President Trump called the House’s ObamaCare repeal bill “mean” and said it should be more generous during a meeting with Republican senators Tuesday, according to a Senate GOP aide.
The comments, which were first reported by The Associated Press, were striking given that Trump has previously praised the House bill and celebrated its passage at the White House.
“This is a great plan,” Trump said last month during a Rose Garden ceremony attended by House Republicans the day the bill passed the lower chamber.
Asked about Trump’s remark, AshLee Strong, a spokeswoman for Speaker Paul Ryan (R-Wis.), said: “Congressional Republicans, with President Trump’s support, are working to repeal and replace this terrible Obamacare law that is harming Americans.”
In the public section of the meeting, Trump said: “I really appreciate what you’re doing to come out with a bill that’s going to be a phenomenal bill to the people of our country: generous, kind, with heart. That’s what I’m saying.”
The changes to the Senate bill are not expected to be drastic. Sen. John Cornyn (R-Texas) recently estimated that the Senate bill would be about 80 percent the same as the House measure.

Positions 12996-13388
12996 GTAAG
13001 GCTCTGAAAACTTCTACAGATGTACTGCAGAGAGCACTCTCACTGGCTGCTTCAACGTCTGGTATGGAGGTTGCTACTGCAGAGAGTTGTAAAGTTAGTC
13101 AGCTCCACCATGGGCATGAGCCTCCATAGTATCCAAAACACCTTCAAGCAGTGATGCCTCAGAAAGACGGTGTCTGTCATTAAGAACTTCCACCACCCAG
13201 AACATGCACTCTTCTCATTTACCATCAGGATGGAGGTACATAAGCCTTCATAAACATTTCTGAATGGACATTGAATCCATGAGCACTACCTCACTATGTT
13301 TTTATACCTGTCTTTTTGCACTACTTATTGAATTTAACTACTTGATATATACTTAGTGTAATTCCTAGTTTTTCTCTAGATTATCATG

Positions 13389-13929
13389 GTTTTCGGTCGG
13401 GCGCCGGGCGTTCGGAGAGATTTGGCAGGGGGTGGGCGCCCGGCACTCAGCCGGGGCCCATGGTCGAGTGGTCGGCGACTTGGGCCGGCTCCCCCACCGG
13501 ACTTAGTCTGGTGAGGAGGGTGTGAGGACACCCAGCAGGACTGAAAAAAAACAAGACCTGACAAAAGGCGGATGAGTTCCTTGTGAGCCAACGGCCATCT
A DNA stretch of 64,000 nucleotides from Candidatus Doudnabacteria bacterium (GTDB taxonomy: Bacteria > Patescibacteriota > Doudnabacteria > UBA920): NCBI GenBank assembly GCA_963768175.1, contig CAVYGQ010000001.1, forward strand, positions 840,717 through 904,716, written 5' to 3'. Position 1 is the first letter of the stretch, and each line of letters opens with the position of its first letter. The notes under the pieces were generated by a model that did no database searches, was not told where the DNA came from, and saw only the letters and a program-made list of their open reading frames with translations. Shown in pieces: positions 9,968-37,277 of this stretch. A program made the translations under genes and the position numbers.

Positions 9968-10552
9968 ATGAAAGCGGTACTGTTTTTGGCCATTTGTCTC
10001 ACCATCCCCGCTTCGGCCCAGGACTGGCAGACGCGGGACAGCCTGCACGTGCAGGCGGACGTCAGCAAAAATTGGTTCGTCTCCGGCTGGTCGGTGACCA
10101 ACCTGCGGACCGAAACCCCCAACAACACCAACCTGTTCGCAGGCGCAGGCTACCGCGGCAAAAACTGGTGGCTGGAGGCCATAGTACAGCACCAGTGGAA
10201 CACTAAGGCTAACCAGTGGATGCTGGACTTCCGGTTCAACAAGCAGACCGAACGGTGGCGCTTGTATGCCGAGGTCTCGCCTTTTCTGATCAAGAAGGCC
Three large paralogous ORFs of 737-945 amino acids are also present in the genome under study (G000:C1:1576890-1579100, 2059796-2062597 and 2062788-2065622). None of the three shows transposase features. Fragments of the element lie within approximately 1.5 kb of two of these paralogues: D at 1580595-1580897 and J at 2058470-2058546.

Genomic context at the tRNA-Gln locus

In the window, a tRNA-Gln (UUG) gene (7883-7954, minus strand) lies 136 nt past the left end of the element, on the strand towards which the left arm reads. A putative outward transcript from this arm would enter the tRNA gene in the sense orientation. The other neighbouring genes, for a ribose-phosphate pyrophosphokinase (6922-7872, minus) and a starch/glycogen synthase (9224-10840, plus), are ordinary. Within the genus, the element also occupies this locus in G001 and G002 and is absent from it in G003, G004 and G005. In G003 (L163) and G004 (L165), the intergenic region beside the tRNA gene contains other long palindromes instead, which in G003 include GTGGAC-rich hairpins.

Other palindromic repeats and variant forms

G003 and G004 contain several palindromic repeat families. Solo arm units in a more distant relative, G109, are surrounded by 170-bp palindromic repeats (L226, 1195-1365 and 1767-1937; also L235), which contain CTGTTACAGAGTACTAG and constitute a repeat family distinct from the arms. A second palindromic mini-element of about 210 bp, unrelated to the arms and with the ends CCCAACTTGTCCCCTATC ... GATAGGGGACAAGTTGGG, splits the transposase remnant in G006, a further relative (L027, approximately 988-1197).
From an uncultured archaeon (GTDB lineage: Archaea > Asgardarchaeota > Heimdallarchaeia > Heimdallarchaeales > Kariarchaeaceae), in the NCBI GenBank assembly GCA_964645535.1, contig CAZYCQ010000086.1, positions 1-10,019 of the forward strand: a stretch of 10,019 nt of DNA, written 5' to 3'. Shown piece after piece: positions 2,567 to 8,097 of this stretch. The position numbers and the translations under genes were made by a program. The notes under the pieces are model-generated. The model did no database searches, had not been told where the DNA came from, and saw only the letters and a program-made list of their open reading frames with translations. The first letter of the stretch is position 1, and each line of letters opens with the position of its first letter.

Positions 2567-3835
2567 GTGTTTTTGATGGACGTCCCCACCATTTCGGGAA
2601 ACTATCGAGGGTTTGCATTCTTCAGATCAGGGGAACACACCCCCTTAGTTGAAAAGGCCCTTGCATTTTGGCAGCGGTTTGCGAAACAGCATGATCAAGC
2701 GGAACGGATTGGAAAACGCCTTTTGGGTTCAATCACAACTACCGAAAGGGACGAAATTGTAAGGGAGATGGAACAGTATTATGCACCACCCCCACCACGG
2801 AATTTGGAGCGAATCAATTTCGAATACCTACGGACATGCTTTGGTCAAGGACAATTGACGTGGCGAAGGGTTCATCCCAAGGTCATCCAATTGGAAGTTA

“His message was that there’s a sense of urgency about this,” Sen. John Thune (R-S.D.) said after the meeting with the president. “We can’t afford to fail; we’ve got to get it done, and he’s certainly fine with the Senate taking a different direction than what the House [did].”
This comes after healthcare groups criticized Republican senators for closing their doors to the public as they write legislation repealing and replacing Obamacare, affecting millions of Americans and one-sixth of the American economy.
In 2009, the Senate spent 25 days debating the ACA before passing the bill on Christmas Eve, the longest markup in the Senate Finance Committee’s entire history. Senate Republicans haven’t even drafted their bill, and Majority Leader Mitch McConnell has already proposed a timeline where the body votes before their Fourth of July recess — exactly 18 days from now.